Carli Lloyd, a two-time women’s world player of the year, is taking the first season with her to Tokyo to watch during the Olympics. Lloyd’s Olympic teammate Alex Morgan did a Lasso-inspired goal celebration this season after scoring for the Orlando Pride, prompting Emmy nominated co-star Hannah Waddingham to respond to the video on Twitter, “Oh this is very bloody cool!”

Sarachan uses it to reaffirm some of his coaching philosophies. Berhalter promised the men’s national team a special screening of Season 2’s first episode during the Gold Cup.

“Everybody’s a big ‘Ted Lasso’ fan,” he said. “The guys love it.”


Tour de France winner Tadej Pogacar.
(Associated Press)

Tadej Pogacar took the yellow jersey to Paris to win his second straight Tour de France on Sunday after a grueling three-week odyssey that at times he made look like a recreational ride.

Pogacar’s repeat success at cycling’s biggest event was a tale of total dominance, prompting one question: At age 22, how many more Tours can the Slovenian win?

Pogacar won his first title in September when he became the Tour’s youngest champion in 116 years. He is now the youngest double winner of the race.

The UAE Team Emirates leader successfully defended his huge lead of 5 minutes, 20 seconds over second-place Jonas Vingegaard in the mostly ceremonial final stage to the Champs-Elysees on Sunday. Richard Carapaz finished third overall, 7:03 off the pace.

In sharp contrast to last year — when as a rookie he had to wait until the penultimate stage to seize the overall lead — Pogacar has been untouchable in this race.


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All times Pacific


Phoenix vs. Milwaukee
Phoenix 118, Milwaukee 105
Phoenix 118, Milwaukee 108
Milwaukee 120, Phoenix 100
Milwaukee 109, Phoenix 103
Milwaukee 123, Phoenix 119
Tuesday: at Milwaukee, 6 p.m., ABC
*Thursday: at Phoenix, 6 p.m., ABC

*-if necessary


1877 — Spencer Gore beats William Marshall in 48 minutes (6-1, 6-2, 6-4) in the first men’s singles tennis championship at the All England Club, Wimbledon.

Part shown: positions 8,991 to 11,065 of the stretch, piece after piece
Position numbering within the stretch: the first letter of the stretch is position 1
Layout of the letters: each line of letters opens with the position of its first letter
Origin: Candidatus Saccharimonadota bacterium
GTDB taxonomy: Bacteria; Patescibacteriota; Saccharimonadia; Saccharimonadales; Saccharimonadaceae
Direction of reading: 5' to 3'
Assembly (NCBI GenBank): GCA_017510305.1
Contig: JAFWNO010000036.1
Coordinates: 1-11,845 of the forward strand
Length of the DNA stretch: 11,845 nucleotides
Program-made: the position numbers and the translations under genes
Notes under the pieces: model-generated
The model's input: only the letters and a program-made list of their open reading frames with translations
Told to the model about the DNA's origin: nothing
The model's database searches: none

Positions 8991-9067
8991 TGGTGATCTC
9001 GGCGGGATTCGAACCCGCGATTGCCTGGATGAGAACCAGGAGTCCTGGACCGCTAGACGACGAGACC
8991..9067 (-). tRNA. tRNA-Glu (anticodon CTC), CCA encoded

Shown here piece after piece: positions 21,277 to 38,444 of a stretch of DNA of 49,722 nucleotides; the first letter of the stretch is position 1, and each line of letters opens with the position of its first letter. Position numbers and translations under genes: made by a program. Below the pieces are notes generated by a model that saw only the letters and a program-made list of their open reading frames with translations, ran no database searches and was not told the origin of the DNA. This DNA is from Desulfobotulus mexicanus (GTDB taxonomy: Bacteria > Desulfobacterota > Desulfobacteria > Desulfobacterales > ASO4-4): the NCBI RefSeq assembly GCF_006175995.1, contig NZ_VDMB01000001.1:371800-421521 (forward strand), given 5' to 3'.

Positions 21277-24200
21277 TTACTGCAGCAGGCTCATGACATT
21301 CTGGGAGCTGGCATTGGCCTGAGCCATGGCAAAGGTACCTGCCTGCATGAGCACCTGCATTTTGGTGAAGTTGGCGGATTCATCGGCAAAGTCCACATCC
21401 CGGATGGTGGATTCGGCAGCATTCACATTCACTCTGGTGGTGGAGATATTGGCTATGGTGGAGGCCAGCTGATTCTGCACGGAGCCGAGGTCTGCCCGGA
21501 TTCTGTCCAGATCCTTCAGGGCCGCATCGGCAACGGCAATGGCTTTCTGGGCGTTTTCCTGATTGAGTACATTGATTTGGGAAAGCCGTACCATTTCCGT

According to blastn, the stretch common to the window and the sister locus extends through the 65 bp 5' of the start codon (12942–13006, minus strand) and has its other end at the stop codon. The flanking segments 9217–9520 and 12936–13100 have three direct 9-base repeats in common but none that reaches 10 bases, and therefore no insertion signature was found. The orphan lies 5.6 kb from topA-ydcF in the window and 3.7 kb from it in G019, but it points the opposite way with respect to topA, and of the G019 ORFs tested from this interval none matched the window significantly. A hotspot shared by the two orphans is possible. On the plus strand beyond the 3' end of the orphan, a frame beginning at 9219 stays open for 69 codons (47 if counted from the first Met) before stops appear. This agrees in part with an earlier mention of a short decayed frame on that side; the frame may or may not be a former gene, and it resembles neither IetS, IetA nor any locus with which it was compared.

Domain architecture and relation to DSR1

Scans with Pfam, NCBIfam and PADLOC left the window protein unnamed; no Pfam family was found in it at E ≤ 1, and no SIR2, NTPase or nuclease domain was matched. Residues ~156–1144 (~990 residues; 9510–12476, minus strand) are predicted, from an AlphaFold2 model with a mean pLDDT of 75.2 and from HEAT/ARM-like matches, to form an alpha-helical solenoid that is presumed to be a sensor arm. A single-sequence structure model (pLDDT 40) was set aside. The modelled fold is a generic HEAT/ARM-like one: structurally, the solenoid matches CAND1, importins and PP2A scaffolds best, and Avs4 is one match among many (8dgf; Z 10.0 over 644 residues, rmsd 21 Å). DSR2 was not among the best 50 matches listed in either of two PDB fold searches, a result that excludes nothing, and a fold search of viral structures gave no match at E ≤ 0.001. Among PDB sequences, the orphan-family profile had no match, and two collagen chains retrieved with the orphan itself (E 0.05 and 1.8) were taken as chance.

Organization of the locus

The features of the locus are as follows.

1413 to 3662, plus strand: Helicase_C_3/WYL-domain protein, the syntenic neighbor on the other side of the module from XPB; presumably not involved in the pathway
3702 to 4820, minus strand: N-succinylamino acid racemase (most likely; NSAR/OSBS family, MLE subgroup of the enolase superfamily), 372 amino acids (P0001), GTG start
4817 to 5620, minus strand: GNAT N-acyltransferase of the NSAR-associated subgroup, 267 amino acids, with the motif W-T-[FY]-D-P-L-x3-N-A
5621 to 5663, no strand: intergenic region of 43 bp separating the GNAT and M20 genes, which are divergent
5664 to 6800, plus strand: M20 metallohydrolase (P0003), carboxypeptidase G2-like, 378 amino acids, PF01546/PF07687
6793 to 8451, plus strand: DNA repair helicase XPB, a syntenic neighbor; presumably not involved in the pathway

1909 — Cleveland shortstop Neal Ball pulls off the first unassisted triple play in modern major league history.

1910 — Cy Young wins his 500th career game as the Cleveland Indians beat the Washington Senators 5-4 in 11 innings.

1957 — Don Bowden is the first American to break the four-minute mile with a 3:58.7 time at Stockton, Calif.

1980 — The Summer Olympics open in Moscow without the United States and 64 other boycotting countries.

1987 — Nick Faldo of England wins the British Open by one shot when American Paul Azinger bogeys four times on the back nine.

1990 — Pete Rose, baseball’s all-time hits leader, is sentenced to five months in prison and an additional three months in a halfway house for cheating on his taxes.

1997 — Daniel Komen of Kenya shatters the 8-minute barrier for the 2-mile run and sets a world record of 7:58.61 at the Hechtel Night of track in Belgium. Haile Gebrselassie had set the world record of 8:01.08 on May 31.

2008 — In the WNBA’s first outdoor game, the Indiana Fever overcomes the heat and humidity in New York to beat the Liberty 71-55. Arthur Ashe Stadium, home of the U.S. Open, had a basketball court laid on top of the tennis court.

2009 — Tom Watson squanders a chance to become golf’s oldest major champion. The 59-year-old misses an 8-foot putt on the 72nd hole of the British Open, then loses a four-hole playoff by six shots to Stewart Cink.

2009 — Eighty-one-year-old Hershel McGriff becomes the oldest driver to take part in a national NASCAR series race, finishing 13th in a Camping World West Series event at Portland International Raceway.

2014 — Shoni Schimmel, a rookie who doesn’t start for her own team, puts on a record-breaking performance — scoring 29 points to help the East beat the West 125-124 in the first WNBA All-Star game to go to overtime. Tamika Catchings makes a layup with 6.9 seconds to go to give the East the lead and then knocks the ball away from Skylar Diggins on the defensive end to seal the victory.

And finally

A closer look at Hershel McGriff. Watch it here.

Until next time...